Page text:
Join the Anti Power Point Party today

18 July 2011 By Northern Lights

Join the Anti Power Point Party today image

FruitInspired by Lucy Kellaway’s article in the Financial Times, I have just joined the Anti PowerPoint Party.

We have refused to do Powerpoints for years – but are often made to feel this could be a disadvantage when pitching for new work.  ‘Please send your Powerpoint by 4pm the night before your presentation’ or ‘let us know what AV equipment you will need’.  When you say you don’t need anything there is often a pause – and you can hear their thought bubble ‘are they dinosaurs?’.

Why do we refuse to do Powerpoints?  These are our reasons, but you will see we agree strongly with much of what Lucy is saying

1.       Powerpoint makes you lazy

Presenting without a Powerpoint is hard work.  You have to think about what are the key messages you want to get over, and how will you bring these to life.

When we pitched to Leeds University Faculty of Medicine and Health, we talked about how we would bring their research to life.  We took with us a platter of beautifully prepared healthy fruit to pass around while we talked about the research they had done on health and how we would tie into healthy media themes.  We also took a teeth whitening kit – and then talked about the Leeds Dental Institute being the UK’s number one dentist school and positioning them as commentators on issues such as ‘are whitening kits dangerous for your teeth?’

The panel laughed and were engaged.  And we won the pitch.

2.       Powerpoint stops you engaging with your audience

The biggest danger with Powerpoint is that you concentrate on the screen and your notes – not your audience.

When you are presenting, you need to watch the body language of your audience.  You can quickly see if people are agreeing with you (nodding heads), resistant to your suggestions (folded arms), bored (playing on iphone or asleep) or not understanding (a questioning look, head on one side).  A child could recognise these signs – but they will be missed if you are fiddling around with clickers and looking at your screen.

When you know what your audience is thinking, you can skip bits that aren’t appealing, expand elements or ask questions if you don’t think your audience is with you – and know who you need to win around when it comes to discussion after a presentation.

3.       Powerpoint requires technology which requires … working kit

How many times have you seen presenters spend the first five or ten minutes trying to get a laptop to connect or the screen to come alive?

This distracts and irritates the audience, unnerves the presenter and you either over-run as a result or lose half the content – which you may or may not have paid to hear.

4.       No Powerpoint, no fear

As Lucy Kellaway says, it is a heck of a lot more challenging to present without Powerpoint.  Yes Powerpoint is a crutch, but if you need that crutch you need some lessons in presenting.

You need to focus on researching your audience, a few jokes to engage with and warm them up and get your presentation down to its pithy essence.  Not spend hours researching images and writing out your talk in lengthy bullet points.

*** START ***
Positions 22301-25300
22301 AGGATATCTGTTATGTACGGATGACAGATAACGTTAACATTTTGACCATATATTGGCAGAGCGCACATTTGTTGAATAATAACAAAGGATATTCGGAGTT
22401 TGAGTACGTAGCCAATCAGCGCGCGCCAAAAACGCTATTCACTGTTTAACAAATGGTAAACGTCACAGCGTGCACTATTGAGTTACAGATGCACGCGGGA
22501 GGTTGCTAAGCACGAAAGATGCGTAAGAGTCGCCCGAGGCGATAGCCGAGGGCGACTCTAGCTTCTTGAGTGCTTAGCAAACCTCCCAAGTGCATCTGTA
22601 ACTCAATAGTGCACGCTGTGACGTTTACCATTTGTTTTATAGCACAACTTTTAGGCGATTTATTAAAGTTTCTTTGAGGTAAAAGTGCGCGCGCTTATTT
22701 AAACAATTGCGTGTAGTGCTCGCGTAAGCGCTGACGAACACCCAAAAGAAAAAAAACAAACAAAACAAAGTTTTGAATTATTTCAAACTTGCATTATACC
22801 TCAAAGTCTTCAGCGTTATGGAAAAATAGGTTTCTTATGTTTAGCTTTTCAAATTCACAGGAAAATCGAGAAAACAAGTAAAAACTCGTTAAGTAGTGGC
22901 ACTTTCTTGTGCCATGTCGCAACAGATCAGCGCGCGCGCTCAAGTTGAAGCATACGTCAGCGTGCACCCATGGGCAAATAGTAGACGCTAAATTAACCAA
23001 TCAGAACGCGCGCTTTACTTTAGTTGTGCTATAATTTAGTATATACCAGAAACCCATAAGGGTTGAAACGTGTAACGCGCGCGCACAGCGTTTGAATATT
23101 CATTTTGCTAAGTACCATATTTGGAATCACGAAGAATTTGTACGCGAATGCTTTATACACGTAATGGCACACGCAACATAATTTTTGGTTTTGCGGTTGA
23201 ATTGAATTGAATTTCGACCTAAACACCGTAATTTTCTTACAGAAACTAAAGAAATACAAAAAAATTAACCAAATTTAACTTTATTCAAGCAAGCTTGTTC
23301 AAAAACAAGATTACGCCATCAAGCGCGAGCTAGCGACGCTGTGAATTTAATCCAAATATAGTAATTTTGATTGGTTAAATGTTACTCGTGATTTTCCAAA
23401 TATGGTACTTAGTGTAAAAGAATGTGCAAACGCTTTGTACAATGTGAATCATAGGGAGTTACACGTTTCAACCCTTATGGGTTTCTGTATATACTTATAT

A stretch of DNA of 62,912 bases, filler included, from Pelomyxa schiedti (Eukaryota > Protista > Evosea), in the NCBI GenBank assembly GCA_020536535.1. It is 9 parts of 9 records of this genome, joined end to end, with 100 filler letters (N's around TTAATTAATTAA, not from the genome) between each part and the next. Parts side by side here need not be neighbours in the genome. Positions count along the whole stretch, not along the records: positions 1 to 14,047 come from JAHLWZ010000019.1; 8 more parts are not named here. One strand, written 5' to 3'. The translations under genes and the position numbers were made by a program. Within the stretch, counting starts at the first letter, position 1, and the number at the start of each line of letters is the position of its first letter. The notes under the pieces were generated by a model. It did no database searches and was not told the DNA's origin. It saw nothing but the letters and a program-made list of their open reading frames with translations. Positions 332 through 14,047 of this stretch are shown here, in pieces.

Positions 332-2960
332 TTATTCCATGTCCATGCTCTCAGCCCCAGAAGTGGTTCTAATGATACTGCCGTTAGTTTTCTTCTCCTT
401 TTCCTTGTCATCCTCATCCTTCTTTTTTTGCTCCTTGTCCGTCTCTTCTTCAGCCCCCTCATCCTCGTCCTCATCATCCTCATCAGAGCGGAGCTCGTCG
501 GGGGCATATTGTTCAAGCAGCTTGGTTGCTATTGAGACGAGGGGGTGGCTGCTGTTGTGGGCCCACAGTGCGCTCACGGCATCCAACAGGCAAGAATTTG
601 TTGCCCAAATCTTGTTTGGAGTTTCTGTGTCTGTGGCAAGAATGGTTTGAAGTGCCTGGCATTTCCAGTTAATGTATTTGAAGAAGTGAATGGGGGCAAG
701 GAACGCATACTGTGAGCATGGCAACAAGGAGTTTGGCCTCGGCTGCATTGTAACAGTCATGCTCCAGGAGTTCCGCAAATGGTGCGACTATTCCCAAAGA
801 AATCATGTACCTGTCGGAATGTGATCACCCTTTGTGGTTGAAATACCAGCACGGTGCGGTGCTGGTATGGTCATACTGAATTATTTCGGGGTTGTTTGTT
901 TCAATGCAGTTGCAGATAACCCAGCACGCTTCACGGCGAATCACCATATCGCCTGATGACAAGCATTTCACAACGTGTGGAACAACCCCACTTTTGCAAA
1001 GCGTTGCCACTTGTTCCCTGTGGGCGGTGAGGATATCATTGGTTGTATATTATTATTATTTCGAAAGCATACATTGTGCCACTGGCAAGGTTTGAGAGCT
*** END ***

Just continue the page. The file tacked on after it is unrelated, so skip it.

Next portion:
Hooray to the Anti PowerPoint Party – we will spread the message in the UK.

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Written by Northern Lights

4 Comments

  • Very interesting Victoria! The fact that a Powerpoint presentation represents professionalism is a cliché that we should be allowed to break away from.
    The point of a presentation is to grab the attention of your audience and to engage them. So you can see the appeal Powerpoint had when it was first introduced, but surely we should innovate and use more effective methods?
    However I do believe that Powerpoint can still be used to highlight key points, especially with complicated matters. Would you never consider using it?

  • Thanks Ahmed
    I think you are right – and being completely truthful I have occasionally used a Powerpoint of just images to liven up guest lectures to students.

    Tim Harford wrote a response in the FT a week later and disagreed with Lucy, making the same point!
    Point well made!

  • Excellent blog to which I’m sure we can all relate – death by Powerpoint should be avoided at all costs!

    Ahmed’s point about innovation is an interesting one. The evolution of lengthy and dull Powerpoint presentations into more creative, fast-paced formats such as Pecha Kutcha (20 slides for 20 seconds each) has certainly helped. Keeping the presenter on their toes, with only six minutes to present all key points, makes for a much more exciting audience experience.

    And the ‘business’ function of Powerpoint has been turned on its head more recently by the Bettakultcha nights in Yorkshire, with their strict ‘no pitches’ rule. The rapid and increasing success these nights have enjoyed over the past year is most certainly down to the variety, creativity and humour of the presenters, and the fact that people go to socialise, and not be ‘sold to’.

    This comes back to Victoria’s first point: it’s all about engagement. Successfully combine any form of presenting information with putting a smile on your audience’s face, and you’re on to a winner.

  • Hi all. Over the years, I’ve done a lot of public speaking and find that telling a story is the best way to engage your audience. I try to keep PowerPoint to a minimum (it also helps overcome performance anxiety as you’re not reliant on visuals if technology fails). One of the best TED talks I’ve seen is by Brené Brown: http://www.ted.com/talks/brene_brown_on_vulnerability.html. I’ve taken her message about ‘wholeheartedness’ to heart (excuse the pun) and in my writing have also attempted to give a more personal touch to articles. Also this – ‘lean into the discomfort’. If you haven’t seen it, I highly recommend it.

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